By Liam Casey, The Canadian Press
TORONTO — The federal government’s proposed gun-control laws are “toothless and cowardly,” victims of gun violence in Ontario said Thursday.
The Danforth Families for Safe Communities advocacy group as well as other families affected by gun violence sent a letter to Public Safety Minister Bill Blair outlining their disappointment as the national Liberal convention gets underway this week.
The group of victims and families affected by Toronto’s Greektown mass shooting that left two dead and 13 hurt say the government’s plan to allow municipalities to ban handguns should be scrapped and replaced with a federal law banning handguns outright.
“The handgun piece is just a disaster, it’s an abdication of their responsibilities,” said Ken Price, whose daughter, Samantha, was injured after being shot on July 22, 2018 by a young man on a rampage.
Bill C-21 would give municipalities discretion to ban handguns, if they choose, through bylaws restricting their possession, storage and transportation.
It also proposes a buyback of many recently banned firearms that the government deems to be assault-style weapons, but owners would be allowed to keep them under strict conditions.
The group said Blair, a former Toronto police chief, failed by not delivering a stronger handgun ban.
While the group applauded the federal government for banning military-style rifles, it slammed the optional “buyback” program.
It also criticized a proposed “red flag” portion of the legislation that would allow residents to seek a court order to have someone’s guns seized if they think that person is a threat to public safety. The idea is to help women facing domestic violence, or families of those who are suicidal.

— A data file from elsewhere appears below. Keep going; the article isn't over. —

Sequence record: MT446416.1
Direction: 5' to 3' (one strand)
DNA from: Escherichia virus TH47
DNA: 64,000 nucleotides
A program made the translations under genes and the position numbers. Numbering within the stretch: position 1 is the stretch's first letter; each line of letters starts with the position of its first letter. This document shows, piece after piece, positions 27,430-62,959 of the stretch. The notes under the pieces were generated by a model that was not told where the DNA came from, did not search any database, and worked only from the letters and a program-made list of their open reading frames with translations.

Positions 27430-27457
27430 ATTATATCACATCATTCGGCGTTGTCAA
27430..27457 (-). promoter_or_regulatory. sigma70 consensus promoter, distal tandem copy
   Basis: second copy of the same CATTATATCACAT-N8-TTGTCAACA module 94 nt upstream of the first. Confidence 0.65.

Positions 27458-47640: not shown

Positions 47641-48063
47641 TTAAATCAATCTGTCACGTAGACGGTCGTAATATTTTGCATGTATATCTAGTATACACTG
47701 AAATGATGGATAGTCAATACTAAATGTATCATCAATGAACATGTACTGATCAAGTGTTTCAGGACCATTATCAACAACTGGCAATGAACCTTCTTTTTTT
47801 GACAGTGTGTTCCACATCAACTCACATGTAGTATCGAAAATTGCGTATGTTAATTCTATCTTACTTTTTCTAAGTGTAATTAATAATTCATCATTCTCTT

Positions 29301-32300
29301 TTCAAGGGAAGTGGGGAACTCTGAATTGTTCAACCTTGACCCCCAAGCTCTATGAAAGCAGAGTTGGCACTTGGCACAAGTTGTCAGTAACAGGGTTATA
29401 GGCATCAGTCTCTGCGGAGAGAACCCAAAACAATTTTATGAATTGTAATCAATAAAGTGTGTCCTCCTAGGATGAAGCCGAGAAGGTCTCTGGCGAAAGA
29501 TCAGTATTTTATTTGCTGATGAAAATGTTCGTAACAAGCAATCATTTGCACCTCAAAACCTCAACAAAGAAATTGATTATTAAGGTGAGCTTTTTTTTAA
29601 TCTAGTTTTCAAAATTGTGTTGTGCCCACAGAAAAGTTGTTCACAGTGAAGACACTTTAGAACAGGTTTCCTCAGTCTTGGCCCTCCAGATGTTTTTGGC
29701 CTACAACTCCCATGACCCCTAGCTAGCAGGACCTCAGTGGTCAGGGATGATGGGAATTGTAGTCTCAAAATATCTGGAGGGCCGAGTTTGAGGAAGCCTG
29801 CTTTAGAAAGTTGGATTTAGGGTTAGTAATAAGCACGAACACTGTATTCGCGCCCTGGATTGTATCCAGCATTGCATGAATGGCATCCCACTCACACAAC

“Women already don’t trust police or courts to protect them from domestic abuse or sexual assault, so why would we expect police or courts to protect us from guns?” said Alison Irons.
Her daughter, Lindsay Wilson, was shot and killed by her ex-boyfriend, who then killed himself in 2013 in Bracebridge, Ont.
“I’m a diehard Liberal but I see this bill as toothless and cowardly,” she said.
Irons played an instrumental role in a different piece of gun-reform legislation – Bill C-71 – part of which would allow a background check on a gun-buyer’s entire life. Currently, background checks are limited to the past five years.
While that bill has been enacted, it hasn’t been fully implemented, including the extended background check provision, Irons said.
“My daughter’s killer had a criminal record or personal violence that he hid from her,” she said.
He had been convicted of forcible confinement and an assault related to a drug deal, Irons said, and received two years probation. The man then applied for his gun license and received it, she said.
“It’s an appalling example of how the system is failing Canadians,” Irons said.
The group said they will fight the Liberal government on the issue, especially if an election is called this year.
Mary-Liz Power, a spokeswoman for Blair, said the Liberal government seeks to end gun violence in the country.
“We have taken the strongest and most extensive action to end gun violence that our country has ever seen,” Power said.
She said “significant elements” of Bill C-71 will be implemented this summer.
Power also said if Bill C-21 is passed, owners of prohibited weapons would need a license and enhanced storage requirements.
“These measures will give our government information about where these prohibited weapons are, and who has them; information that will ensure our buyback program is effective in retrieving these weapons that are too dangerous for our communities,” Power said.
“The federal government would like to thank the members of Danforth Families for Safe Communities for their advocacy, and their commitment to a future free from gun violence.”